The contentious Trans Mountain pipeline project could be the “modern-day economic version of a smallpox blanket,” the Union of British Columbia Indian Chiefs warned last week, in an open letter to the several Indigenous consortia that are lining up for a possible financial stake in the project.
Parliamentary Budget Officer Yves Giroux has called the pipeline “clearly non-profitable”, and former Encana Corporation CEO Gwynn Morgan has warned that “in the commercial (real) world, no one’s going to finance a project running vastly over budget, with no firm remaining cost or start-up date,” notes the UBCIC’s three-member executive committee.
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The letter details the cascade of financial challenges the pipeline faces—from the delays and budget overruns that have brought its estimated cost to C$21.4 billion, to the project’s limited ability to recover rising costs from the fossil companies that use the pipeline, to the more than a dozen insurance companies that have lost confidence in Trans Mountain and now refuse to underwrite it.
“The construction cost of TMX has increased dramatically due to delays, mismanagement, and cost overruns,” the UBCIC states. “These include major setbacks resulting from climate-related events such as the forest fires, floods, and landslides that hit B.C. in 2021. The unfortunate reality is that we can expect more severe and frequent events that could further delay and disrupt the TMX’s construction and operation.”
As well, “opposition remains fierce among many of the First Nations whose territories are crossed by TMX, due to concerns about a spill on salmon and other wildlife as well as concerns about the climate crisis that hit B.C. hard in 2021,” the letter adds. “In short, TMX does not have the necessary Free, Prior and Informed Consent to proceed,” and “we would remind you that it would only take opposition from a single Nation to cause significant delays and further cost overruns.”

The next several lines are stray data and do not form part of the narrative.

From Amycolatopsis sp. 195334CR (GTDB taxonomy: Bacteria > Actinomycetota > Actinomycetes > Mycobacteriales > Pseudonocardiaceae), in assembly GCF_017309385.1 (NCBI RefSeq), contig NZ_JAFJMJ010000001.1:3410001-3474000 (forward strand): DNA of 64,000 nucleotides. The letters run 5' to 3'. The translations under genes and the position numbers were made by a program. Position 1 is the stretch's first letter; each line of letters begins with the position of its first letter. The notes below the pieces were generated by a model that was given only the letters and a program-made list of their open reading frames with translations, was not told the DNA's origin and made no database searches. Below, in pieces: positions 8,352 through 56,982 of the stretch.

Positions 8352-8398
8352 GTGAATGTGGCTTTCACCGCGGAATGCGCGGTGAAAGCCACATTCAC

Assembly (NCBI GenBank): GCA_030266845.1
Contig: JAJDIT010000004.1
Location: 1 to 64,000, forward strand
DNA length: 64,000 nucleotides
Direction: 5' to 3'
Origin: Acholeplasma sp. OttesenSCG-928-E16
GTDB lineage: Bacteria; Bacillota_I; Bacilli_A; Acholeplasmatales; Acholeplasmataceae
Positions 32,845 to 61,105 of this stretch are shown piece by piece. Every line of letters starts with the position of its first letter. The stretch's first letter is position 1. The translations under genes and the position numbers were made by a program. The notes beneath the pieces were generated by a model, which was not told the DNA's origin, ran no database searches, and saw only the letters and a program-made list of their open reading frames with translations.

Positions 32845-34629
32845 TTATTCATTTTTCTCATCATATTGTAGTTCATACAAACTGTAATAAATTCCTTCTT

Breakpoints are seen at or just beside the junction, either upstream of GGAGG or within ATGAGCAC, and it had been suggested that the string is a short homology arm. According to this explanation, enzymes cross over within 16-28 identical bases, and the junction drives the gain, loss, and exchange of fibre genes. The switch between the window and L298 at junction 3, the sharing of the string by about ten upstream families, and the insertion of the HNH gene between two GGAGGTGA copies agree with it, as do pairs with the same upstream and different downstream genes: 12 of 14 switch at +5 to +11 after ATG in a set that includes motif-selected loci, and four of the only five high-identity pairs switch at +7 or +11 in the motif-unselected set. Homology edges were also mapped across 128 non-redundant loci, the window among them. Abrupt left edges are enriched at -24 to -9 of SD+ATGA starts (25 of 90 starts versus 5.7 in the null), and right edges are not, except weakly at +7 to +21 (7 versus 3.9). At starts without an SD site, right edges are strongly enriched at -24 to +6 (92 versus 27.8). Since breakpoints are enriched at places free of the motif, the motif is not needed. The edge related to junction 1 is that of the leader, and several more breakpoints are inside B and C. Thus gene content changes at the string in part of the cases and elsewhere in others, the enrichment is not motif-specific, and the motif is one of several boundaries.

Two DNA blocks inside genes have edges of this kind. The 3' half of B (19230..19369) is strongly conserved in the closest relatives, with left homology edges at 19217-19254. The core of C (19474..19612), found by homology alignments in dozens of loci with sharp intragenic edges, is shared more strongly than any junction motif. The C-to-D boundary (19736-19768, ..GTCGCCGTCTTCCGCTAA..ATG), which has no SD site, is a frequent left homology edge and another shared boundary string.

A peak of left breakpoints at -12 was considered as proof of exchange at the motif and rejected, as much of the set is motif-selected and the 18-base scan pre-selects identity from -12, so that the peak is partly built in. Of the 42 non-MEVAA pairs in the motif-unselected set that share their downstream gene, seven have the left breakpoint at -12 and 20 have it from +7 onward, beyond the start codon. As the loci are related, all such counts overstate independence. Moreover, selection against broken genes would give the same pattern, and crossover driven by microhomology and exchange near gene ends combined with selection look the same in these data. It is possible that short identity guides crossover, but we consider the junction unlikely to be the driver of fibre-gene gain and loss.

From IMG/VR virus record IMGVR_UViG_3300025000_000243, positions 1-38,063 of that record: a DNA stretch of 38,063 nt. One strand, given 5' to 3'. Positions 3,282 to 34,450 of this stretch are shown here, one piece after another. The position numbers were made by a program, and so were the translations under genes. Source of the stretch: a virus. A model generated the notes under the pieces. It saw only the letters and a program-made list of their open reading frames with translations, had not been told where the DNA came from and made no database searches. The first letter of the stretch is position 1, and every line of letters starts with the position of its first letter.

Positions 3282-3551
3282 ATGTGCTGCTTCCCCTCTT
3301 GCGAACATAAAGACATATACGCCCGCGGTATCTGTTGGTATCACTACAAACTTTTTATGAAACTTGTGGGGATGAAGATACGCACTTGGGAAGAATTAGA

The pipeline’s prospective buyers still think it can operate at a profit, the Globe and Mail reports.
“For Ottawa, striking a deal to sell part or all of the contentious pipeline to Indigenous owners could help temper opposition to a project that opponents decry as expensive, outdated, and out of line with the government’s public commitments to achieve net-zero emissions and to reconciliation with Indigenous peoples,” the Globe writes.
“For First Nations mulling an ownership stake, the appeal lies in potential long-term cash flows and the prospect of greater control over projects that cross their traditional territories, through measures that include environmental monitoring and remediation,” the news story adds. “But the price, structure, and financing details of a potential deal remain open questions.”
CBC says the federally-owned Trans Mountain Corporation is blaming the latest cost overrun on a host of factors. The list includes borrowing costs, pandemic expenses, “productivity challenges” with subcontractors, natural disasters that changed the terrain along the pipeline route, the duty to protect culturally sensitive sites, and the need to manually remove rare moss, 100 anthills, and 15,000 frogs and other wildlife from the construction site.
In the last couple of weeks, meanwhile, a property owner has filed a compensation claim against Trans Mountain for financial losses caused by construction delays and “stigma of proximity to new pipeline,” and the company has reported one derailment and one brake failure at its tunnel boring and waste removal operation beneath Burnaby Mountain. Trans Mountain Corporation parried a query from Burnaby Now with a general statement declaring safety its “top priority”, but didn’t respond to a dozen question that reporter Cornelia Naylor later attached to the end of her news story.
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